There are a number of different types of annuities you’ll want to look at. (Note: This is not a DIY endeavor. You’re going to want the help of your financial advisor.) Immediate fixed annuities are the simplest type. You take a chunk of cash and use it to buy a stream of income that is calculated either based on your own life expectancy or that of you and a spouse. Interest rates and the age at which you make the purchase also play a role in the calculation, with monthly payouts going up as you get older (because you have fewer years to live.) Deferred fixed annuities work similarly, but you don’t start the payout right away. You put a chunk of money to work now and turn on the income down the road at age 75 or 80. That increases the size of the monthly check, because the month has the period in-between your purchase and your paycheck to grow.
While fixed annuities are insurance products, variable annuities are investment products regulated by the SEC. You put money into these products before retirement, invest that money for growth, and turn on the income stream once you’re past age 59 ½. Although some offer performance guarantees, your return is also based on how the investments you select (usually mutual funds) perform. Finally, there are equity indexed annuities, which are kind of a combo of the two. They’re riskier than fixed annuities, but not as risky as variable annuities. And they offer a minimum guaranteed return combined with an interest rate linked to a market index. Again, it’s complicated, which is why you need a pro.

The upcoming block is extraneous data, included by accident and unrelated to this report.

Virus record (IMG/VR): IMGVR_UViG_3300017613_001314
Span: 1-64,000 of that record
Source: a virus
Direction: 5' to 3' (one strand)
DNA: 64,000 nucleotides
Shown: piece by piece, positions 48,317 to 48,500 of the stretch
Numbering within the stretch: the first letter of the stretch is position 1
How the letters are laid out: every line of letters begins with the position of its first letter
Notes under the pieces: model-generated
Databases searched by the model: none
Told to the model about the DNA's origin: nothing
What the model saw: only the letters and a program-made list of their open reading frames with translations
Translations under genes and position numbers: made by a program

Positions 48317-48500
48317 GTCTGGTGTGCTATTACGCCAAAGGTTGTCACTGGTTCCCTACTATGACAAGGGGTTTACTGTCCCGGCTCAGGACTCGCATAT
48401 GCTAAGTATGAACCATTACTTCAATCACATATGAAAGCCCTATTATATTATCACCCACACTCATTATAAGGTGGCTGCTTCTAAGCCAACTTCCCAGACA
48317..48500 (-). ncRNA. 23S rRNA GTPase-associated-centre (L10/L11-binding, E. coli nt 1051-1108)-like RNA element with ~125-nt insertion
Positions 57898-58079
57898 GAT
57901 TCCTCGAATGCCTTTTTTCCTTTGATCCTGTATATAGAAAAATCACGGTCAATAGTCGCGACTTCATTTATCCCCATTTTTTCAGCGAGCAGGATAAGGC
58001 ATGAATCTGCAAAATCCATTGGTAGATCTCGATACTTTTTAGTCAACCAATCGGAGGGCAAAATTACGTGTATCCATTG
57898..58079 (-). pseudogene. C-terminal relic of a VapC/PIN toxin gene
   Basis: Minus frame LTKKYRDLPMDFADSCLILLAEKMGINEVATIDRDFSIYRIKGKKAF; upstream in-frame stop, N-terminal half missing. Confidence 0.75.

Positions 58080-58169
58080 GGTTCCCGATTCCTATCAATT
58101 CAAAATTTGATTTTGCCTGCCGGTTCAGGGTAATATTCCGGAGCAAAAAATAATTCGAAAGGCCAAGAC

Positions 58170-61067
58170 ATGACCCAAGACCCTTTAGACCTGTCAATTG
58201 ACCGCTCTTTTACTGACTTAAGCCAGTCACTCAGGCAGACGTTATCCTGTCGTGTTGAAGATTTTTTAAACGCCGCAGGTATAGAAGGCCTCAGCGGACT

Speaking of pros, if you’re looking to consider investments beyond annuities (or you just want to learn more about what it means to “play the market”) then consider the InvestingFixx investing club from HerMoney. This private and supportive group meets twice monthly with investing pros Karen Finerman and Jean Chatzky, to define financial terms, pick stocks, and learn more about what it means to secure your financial future.
What to Expect With Fees
All annuities have some fees factored in, explains Brian Karimzad, co-founder of MagnifyMoney. Simpler annuities tend to have lower fees. More complicated ones — variable and equity indexed — have higher ones. The size of those fees typically goes up with the guarantees. For example, if you want to ensure that you’ll have a guaranteed income for life (no matter how long you live) and that the initial amount you invest (your principal) will never decrease, those guarantees will come at a cost.